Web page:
10 Fun Facts About Chocolate

You don’t need an excuse to gorge yourself on chocolate, and the truth is that most people love it, but wouldn’t you like to know the secret to success behind those culinary delicacies?

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Chocolate tastes wonderful, of course, but for many chocolate lovers, a big chunk offers them something more. Here are some of the reasons why the palate and chocolate are desired to such an extreme, along with a few fun facts about chocolate.


1. Death by chocolate.

When people hear the phrase “Death by Chocolate,” they probably assume that it is an extremely delicious cake, a joke, or some execution device. Fortunately, they’re usually right, but once in 17th-century the poison injected into the chocolate, which caused the death of a Spanish bishop, enough to ban the consumption of chocolate during church services.

To be fair, it wasn’t the chocolate itself, but the poison injected into the chocolate, which caused the death. If only he had abstained, he might have survived. Chocolate: A food so delicious that you’ll eat despite being deadly.

2. Chocolate makes us very happy.

There are a lot of natural chemicals in chocolate that are beneficial to us or affect our mood. There is one particular chemical that induces feelings associated with love, it is tryptophan, it makes us very happy.

Tryptophan (which is also present in eggs) influences endorphin levels in the human brain and increases serotonin production, leading to elevated states of euphoria. Since there’s a lot of this stuff in chocolate, it makes sense that people would spill over a bit when it comes to their passion for chocolate.

3. The Mayans and Aztecs used cacao beans as currency.

Our ancestors believed that chocolate was the food of the gods. Aztec and Mayan kings drank cups of hot chocolate on a regular basis, and the magical cacao bean, highly valued in pre-Columbian America, was used as a form of currency.

Instead of walking around with coins in their pockets, or loincloths, people exchanged cacao beans for goods and services.

4. Cocoa can prevent tooth decay.

You probably think that chocolate is full of sugar or artificial sweetener, and that it’s not good for your teeth. Well, that’s right, but it shouldn’t have to be that way. In fact, pure cocoa can help prevent tooth decay.

Certain chemicals naturally present in cocoa beans fight harmful bacteria in the mouth. Chocolate’s ability to deal with the microscopic bugs that live on the surface of teeth is so effective that it could one day be added to toothpastes and mouthwashes, without the sugar, of course.

5. Americans consume nearly half of the world’s chocolate.

If you think Americans eat too much chocolate, you’re right. In fact, they consume about half of the world’s chocolate, an amount that by weight exceeds three million pounds. While Europeans still ingest around 40% of the planet’s chocolate consumption.

6. Chocolate is, quite literally, chemical love.

Chocolate contains a chemical called phenylethylamine. Phenylethylamine releases certain “pleasure” endorphins in the brain, which make people feel good about everything – similar to how they feel when they’re madly in love. While chocolate might not be a perfect substitute for love, it’s one of the best substitutes you’ll find produced in mass quantities.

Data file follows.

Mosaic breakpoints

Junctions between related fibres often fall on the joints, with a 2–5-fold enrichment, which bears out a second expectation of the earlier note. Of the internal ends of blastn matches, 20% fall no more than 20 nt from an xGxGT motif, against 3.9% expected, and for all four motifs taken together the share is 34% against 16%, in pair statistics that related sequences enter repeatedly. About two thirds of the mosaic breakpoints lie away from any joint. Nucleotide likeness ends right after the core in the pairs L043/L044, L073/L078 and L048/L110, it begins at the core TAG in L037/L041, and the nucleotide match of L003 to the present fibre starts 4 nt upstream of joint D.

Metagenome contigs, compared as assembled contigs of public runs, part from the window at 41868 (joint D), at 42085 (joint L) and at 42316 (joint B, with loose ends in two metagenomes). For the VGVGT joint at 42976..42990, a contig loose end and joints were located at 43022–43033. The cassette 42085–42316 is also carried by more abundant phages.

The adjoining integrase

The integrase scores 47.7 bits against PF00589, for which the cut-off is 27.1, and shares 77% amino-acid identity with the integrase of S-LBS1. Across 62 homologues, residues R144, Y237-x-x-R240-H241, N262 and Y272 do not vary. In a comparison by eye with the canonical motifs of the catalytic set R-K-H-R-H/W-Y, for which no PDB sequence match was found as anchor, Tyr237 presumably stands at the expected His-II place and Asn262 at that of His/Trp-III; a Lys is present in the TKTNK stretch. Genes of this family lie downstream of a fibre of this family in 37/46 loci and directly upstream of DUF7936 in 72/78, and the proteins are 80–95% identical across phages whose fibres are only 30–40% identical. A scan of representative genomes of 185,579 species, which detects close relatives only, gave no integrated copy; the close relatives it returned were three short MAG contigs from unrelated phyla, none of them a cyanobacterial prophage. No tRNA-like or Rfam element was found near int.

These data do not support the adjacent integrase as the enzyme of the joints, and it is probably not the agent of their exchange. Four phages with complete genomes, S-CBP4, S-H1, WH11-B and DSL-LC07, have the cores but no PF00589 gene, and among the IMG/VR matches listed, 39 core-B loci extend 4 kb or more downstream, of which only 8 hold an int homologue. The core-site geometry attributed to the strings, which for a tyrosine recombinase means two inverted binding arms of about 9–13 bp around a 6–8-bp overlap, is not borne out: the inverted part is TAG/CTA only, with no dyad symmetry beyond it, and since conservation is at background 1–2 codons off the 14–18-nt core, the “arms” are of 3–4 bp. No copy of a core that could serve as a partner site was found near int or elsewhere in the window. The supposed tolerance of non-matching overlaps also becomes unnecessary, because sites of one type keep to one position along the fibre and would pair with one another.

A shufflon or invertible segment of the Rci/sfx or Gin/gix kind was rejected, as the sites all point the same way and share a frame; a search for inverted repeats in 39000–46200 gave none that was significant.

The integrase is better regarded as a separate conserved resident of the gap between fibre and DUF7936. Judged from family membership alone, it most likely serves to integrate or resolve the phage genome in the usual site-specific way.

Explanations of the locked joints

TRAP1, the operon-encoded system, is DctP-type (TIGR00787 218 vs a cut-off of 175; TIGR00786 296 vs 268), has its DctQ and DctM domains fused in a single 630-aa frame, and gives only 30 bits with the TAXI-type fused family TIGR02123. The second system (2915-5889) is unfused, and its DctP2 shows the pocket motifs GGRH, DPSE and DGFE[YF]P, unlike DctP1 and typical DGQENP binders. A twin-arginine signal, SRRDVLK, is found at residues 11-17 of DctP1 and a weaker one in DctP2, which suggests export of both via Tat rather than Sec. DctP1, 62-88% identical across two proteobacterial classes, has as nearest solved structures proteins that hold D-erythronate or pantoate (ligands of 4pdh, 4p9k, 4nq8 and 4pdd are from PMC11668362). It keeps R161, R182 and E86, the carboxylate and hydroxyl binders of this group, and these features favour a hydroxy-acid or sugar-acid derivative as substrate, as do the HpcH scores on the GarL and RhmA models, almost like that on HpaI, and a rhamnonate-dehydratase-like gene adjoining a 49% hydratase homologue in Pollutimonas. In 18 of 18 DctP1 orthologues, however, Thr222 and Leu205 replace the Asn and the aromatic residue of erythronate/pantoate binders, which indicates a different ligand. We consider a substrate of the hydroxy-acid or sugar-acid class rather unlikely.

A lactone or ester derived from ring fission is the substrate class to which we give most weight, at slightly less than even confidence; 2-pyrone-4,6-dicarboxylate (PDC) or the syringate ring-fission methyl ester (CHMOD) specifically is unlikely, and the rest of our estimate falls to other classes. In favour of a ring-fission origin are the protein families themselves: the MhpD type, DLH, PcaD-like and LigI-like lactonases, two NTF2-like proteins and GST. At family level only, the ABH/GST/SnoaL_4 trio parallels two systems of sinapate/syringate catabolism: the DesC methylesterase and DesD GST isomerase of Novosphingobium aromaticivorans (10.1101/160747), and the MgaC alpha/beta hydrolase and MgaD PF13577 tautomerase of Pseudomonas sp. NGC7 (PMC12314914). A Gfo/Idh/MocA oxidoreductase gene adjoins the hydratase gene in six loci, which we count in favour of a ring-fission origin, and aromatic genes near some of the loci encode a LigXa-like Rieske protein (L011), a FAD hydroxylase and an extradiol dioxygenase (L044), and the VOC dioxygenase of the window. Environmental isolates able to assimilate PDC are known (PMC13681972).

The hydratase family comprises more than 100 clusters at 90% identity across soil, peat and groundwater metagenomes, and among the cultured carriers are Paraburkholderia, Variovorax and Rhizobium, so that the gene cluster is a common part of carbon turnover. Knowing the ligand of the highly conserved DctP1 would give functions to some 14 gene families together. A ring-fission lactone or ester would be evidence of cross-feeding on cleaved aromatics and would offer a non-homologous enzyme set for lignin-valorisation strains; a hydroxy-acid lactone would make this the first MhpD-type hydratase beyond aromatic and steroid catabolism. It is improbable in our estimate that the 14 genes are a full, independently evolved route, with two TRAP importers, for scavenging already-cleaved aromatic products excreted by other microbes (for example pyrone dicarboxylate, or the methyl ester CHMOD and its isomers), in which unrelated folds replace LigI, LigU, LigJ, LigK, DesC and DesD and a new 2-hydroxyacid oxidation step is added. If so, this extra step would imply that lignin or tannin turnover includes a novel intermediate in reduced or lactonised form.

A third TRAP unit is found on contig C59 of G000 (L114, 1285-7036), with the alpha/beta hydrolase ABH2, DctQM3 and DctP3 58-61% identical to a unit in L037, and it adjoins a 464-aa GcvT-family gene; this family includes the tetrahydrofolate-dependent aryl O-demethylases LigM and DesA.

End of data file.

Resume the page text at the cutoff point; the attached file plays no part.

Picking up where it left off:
7. Chocolate producers love peanuts.

Chocolate producers around the world annually use about 20% of the world’s peanut crops and about 40% of the total almond trees grown. Given this information, there probably isn’t a dairy or peanut farm that isn’t rooted in chocolate’s continued success.

8. German chocolate isn’t really German.

If you have any German heritage, and you think you’re honoring your ancestors while slicing a sweet piece of German Chocolate Cake, you could be more than wrong.

While this tasty delicacy has the name “German” in the title, it has absolutely nothing to do with the country itself. In the mid-1800s, an American man named Sam German came up with a recipe for baking dark chocolate bars that could be used to make the cake. Sam, who worked for the Baker chocolate company, did a good job, and as a result got a cake named after him.

9. Chocolate inspired the invention of the microwave.

Percy Spencer, a scientist working on World War II radar and weapons projects, became a big fan of chocolate. After spending some time near a formidable device called a magnetron, he realized that the candy bar he had been keeping in his pocket had turned to mush.

He quickly jumped to conclusions and realized magnetrons might be able to heat food to incredibly fast ranges, and voilà, the microwave oven was born.

10. Unsweetened chocolate is basically a laxative.

You might think that maybe you can fool the system by buying a bunch of unsweetened chocolate and eating it while saving calories. But that’s a terrible mistake. Why? Because gorging on sugar-free chocolate is essentially a one-way ticket to the town of Baños. And the people who do know it.

In a factory that produces reduced-sugar and sugar-free chocolates, there are buckets on the floor filled with defective chocolates. Each bucket has signs that warn employees of the danger of heavy ingestion of the product.